Video: The Importance of the Confluence
Proposed dams near the Little Colorado River would destroy areas sacred to Native peoples and threaten the habitat of the already endangered humpback chub. Fly over the Little Colorado River with EcoFlight as Lyle Balenquah—archaeologist, river and hiking guide, and member of the Hopi Tribe—and William LongReed—citizen of the Navajo Nation Bodaway/Gap Chapter—explain why this is the wrong place to build a dam. Grand Canyon Trust and EcoFlight | Watch Now >>
Video: Rescuing the Planet: A Conversation with Tony Hiss, Valerie Courtois, and Brenda Barrett
The Network for Landscape Conservation was pleased to host award-winning author and veteran New Yorker contributor Tony Hiss for a conversation about his latest and just-published book, Rescuing the Planet: Protecting Half the Land to Heal the Earth. Tony was joined in the discussion as well by Valerie Courtois, Director of Canada’s Indigenous Leadership Initiative, whose work is featured in the book, and Brenda Barrett, editor and founder of the Living Landscape Observer and member of the Network’s Coordinating Committee. Network for Landscape Conservation | Watch Now >>
Podcast: The First Migrations
In this episode, we’re talking about how the Ancestral Pueblo people came to be in the Southwest, and how Indigenous and European ways of learning and knowing about the past can complement each other. Mesa Verde Voices | Listen Now >>
Now Available in Paperback: Connected Communities
Connected Communities: Networks, Identity, and Social Change in the Ancient Cibola World, by Matthew A. Peeples. University of Arizona Press, 2018. Learn More >>
May 6 Webinar: Chimney Rock as a Landscape of Interaction on the Chacoan Frontier
Dr. Michelle I. Turner will discuss “Chimney Rock as a Landscape of Interaction on the Chacoan Frontier.” Archaeological theory increasingly recognizes the surprisingly complex interactions that characterize frontier communities, as people with differing worldviews adapt and negotiate, weaving together new ways of being. Drawing on such theory as well as landscape archaeology, the presentation will explore how the archaeological evidence and the natural landscape of Chimney Rock can help us to understand its community history and its relationships to Chaco Canyon. Chimney Rock Interpretive Association | More Information and Zoom Registration >>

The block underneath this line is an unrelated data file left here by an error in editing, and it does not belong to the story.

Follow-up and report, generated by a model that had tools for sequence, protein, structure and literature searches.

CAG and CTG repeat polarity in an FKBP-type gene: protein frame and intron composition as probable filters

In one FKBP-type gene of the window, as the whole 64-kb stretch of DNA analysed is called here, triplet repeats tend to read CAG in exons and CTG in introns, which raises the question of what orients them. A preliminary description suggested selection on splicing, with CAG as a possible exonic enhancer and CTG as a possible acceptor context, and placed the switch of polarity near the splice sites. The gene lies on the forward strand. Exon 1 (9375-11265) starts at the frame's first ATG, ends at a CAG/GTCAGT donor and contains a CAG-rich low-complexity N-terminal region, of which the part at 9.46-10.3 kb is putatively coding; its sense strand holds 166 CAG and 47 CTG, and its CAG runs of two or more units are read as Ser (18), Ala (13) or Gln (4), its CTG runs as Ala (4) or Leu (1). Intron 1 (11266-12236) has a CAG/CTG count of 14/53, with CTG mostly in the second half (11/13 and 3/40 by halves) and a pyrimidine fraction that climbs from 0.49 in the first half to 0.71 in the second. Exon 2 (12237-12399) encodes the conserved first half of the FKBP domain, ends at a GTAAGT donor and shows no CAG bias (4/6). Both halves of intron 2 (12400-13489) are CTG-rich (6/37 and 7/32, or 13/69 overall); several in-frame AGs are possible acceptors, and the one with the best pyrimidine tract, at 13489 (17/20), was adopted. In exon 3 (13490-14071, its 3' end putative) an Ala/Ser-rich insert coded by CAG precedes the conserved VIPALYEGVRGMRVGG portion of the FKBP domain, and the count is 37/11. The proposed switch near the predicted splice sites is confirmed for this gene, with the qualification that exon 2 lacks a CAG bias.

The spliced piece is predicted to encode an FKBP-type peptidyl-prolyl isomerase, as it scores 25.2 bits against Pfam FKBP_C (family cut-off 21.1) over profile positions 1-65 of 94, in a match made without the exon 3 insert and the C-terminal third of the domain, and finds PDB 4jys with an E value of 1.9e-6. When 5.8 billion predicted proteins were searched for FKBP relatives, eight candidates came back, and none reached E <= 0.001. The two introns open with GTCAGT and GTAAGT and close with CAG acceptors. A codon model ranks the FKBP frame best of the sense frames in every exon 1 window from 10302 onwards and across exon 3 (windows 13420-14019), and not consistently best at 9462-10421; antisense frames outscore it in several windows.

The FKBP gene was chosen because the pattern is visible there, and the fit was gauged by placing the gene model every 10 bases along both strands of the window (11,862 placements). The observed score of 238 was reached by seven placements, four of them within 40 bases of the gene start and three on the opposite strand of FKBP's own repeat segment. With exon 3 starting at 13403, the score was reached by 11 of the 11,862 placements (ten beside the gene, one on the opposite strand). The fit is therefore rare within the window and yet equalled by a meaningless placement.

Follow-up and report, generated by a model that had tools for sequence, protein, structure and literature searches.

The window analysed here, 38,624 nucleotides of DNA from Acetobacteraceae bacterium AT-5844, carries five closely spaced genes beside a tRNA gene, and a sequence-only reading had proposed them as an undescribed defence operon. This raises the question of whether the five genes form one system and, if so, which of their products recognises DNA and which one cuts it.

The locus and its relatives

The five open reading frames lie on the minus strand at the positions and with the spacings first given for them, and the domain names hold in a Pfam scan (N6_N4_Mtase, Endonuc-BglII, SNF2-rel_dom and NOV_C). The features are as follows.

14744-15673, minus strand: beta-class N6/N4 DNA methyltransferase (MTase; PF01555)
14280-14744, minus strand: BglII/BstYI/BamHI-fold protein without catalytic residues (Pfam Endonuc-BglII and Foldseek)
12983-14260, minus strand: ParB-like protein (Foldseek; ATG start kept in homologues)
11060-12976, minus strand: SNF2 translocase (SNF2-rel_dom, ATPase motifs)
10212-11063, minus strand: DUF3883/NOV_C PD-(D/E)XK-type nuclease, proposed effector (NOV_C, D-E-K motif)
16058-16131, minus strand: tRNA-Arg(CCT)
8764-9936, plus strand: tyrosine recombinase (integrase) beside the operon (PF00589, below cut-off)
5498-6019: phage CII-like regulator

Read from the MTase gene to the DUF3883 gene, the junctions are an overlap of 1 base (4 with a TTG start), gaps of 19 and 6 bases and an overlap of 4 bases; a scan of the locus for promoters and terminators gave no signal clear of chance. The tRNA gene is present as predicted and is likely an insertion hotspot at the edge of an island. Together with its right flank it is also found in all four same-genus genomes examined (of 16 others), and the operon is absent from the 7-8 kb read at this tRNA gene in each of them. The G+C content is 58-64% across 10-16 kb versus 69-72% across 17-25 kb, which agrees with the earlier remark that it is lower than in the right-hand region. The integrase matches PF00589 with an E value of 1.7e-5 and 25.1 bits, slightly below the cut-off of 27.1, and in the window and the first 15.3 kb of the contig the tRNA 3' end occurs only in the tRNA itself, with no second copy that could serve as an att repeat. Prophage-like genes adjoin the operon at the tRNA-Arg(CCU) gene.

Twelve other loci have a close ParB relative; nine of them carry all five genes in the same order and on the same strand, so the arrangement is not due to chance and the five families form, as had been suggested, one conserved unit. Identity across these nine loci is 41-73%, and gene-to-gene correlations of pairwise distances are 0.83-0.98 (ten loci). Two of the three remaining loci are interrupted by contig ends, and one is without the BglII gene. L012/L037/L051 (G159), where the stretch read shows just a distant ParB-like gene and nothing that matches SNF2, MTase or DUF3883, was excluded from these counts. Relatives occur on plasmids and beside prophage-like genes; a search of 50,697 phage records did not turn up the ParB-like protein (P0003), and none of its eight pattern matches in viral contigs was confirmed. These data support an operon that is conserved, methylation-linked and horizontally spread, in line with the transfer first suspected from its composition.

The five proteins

REMINDER: May 6 Webinar: Sophisticated Rebels
“Sophisticated Rebels: Insurgent Archaeologies in the American Southwest” with Dr. Lewis Borck. For this talk, Dr. Borck will discuss the Gallina region and the Salado phenomenon of the Indigenous period of the North American Southwest to understand issues of violence as well as resistance to the increasingly hierarchical religious and political situations arising in both the northern and southern Southwest. Crow Canyon Archaeological Center | More Information and Zoom Registration >>
May 12 Webinar: The Crisis Campus: The U of U after WWII
It’s no overstatement to say that, in the years immediately following World War II, the University of Utah was in a state of crisis. With enrollment growth off the charts, university administrators scrambled to find new space for classes and offices and research. “The U’s Critical Years” looks at this extraordinary period in which their resourcefulness—and a fortuitous opportunity—resolved the crisis and laid the foundation for an entirely new campus. Utah State History | More Information and Zoom Registration >>